# Shadow Simulated Annealing algorithm: a new tool for global optimisation and statistical inference

This paper develops a new global optimisation method that applies to a family of criteria that are not entirely known. This family includes the criteria obtained from the class of posteriors that have nor-malising constants that are analytically not tractable. The procedure applies to posterior probability densities that are continuously differen-tiable with respect to their parameters. The proposed approach avoids the re-sampling needed for the classical Monte Carlo maximum likelihood inference, while providing the missing convergence properties of the ABC based methods. Results on simulated data and real data are presented. The real data application fits an inhomogeneous area interaction point process to cosmological data. The obtained results validate two important aspects of the galaxies distribution in our Universe : proximity of the galaxies from the cosmic filament network together with territorial clustering at given range of interactions. Finally, conclusions and perspectives are depicted.

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03/17/2018

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## 1 Introduction

A large class of the mathematical questions issued from data sciences can be formulated as an optimisation problem. The complexity of the data structures requires more and more elaborate models with an important number of parameters controlling different aspects outlined by the data observation process. Within this context, a typical a question is, what is the most probable model able to reproduce the behaviour exhibited by the analysed data. Clearly, the possible answer to this question assumes the existence of a class of models together with priors associated to its parameters.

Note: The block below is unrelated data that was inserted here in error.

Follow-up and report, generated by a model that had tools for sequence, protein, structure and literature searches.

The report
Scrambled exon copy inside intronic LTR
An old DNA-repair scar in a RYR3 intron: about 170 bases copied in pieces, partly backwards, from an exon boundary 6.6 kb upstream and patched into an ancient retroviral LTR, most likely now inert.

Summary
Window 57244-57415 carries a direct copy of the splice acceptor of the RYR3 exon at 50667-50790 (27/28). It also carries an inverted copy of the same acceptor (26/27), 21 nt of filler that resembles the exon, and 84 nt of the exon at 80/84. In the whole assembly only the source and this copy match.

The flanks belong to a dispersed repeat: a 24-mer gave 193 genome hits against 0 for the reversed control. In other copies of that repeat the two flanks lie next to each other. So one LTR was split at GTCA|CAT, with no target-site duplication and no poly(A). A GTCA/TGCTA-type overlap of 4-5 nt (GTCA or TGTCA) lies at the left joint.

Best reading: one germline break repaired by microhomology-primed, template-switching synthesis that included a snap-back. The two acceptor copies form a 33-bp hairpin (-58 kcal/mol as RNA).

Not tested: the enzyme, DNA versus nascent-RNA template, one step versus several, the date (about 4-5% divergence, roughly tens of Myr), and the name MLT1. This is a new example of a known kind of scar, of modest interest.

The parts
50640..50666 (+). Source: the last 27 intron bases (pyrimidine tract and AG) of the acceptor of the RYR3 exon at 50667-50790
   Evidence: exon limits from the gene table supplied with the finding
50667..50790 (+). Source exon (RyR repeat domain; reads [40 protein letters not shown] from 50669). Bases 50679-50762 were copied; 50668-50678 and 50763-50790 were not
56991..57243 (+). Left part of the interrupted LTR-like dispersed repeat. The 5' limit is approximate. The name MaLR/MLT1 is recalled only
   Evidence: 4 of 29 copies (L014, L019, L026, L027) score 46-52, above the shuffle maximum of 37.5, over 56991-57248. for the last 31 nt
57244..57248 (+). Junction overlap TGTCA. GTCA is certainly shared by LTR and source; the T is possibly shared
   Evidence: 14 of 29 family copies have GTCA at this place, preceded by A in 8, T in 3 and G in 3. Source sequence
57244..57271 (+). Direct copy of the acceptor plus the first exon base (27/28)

A natural way to answer this question is the computation of the global maximum of the induced posterior distribution. The classical simulated annealing framework proposes the solution to this problem, provided sampling from the posterior distribution is possible.

Sampling posterior distributions is still a challenging mathematical problem. This is due to the fact that sometimes, the proposed simulation algorithms may be required to make computations of analytical intractable quantities. An example of such quantities is the evaluation of normalisation constants of the probability densities describing the considered models.

If only parameters estimation is considered, the common solution adopted is to provide maximum likelihood computations based on Monte Carlo simulations. This framework allows the user to benefit of the whole theoretical power of the likelihood inference, if one afford the price to pay in terms of computational costs. The computational cost may be excessively high whenever the initial condition is to far away from the desired solution. Furthermore this phenomenon introduces numerical instability of the proposed solution. The only reliable strategy within this context is to re-sample the model, as often as possible, hence increasing the computational cost.

Since less than a decade, a new methodological framework for statistical inference, the Approximate Bayesian Computation (ABC) allows to extend the Monte Carlo likelihood based inference, by providing solutions for sampling approximately from the posterior distribution. The authors in [17] proposed a new algorithm, ABC Shadow, that overcomes the main drawback of the previously mentioned ABC methods: the ABC Shadow allows the output distribution of the algorithm, to be as closed as desired to the aimed posterior distribution.

The work presented in this paper leads directly to a new method of parameter estimation based on a simulated annealing algorithm. To better outline its interest, let us consider the following example, inspired by applications in spatial data analysis.

Let be an object pattern that is observed in a compact window . The observed pattern is supposed to be the realisation of a spatial process. Such a process is given by the probability density

 p(y|θ)=exp[−U(y|θ)]ζ(θ) (1)

with the energy function and the normalising constant. The model given by (1) may be considered as a Gibbs process, and it may represent a random graph, a Markov random field or a marked point process. Let be the conditional distribution of the model parameters or the posterior law

 p(θ|y)=exp[−U(y|θ)]p(θ)Z(y)ζ(θ), (2)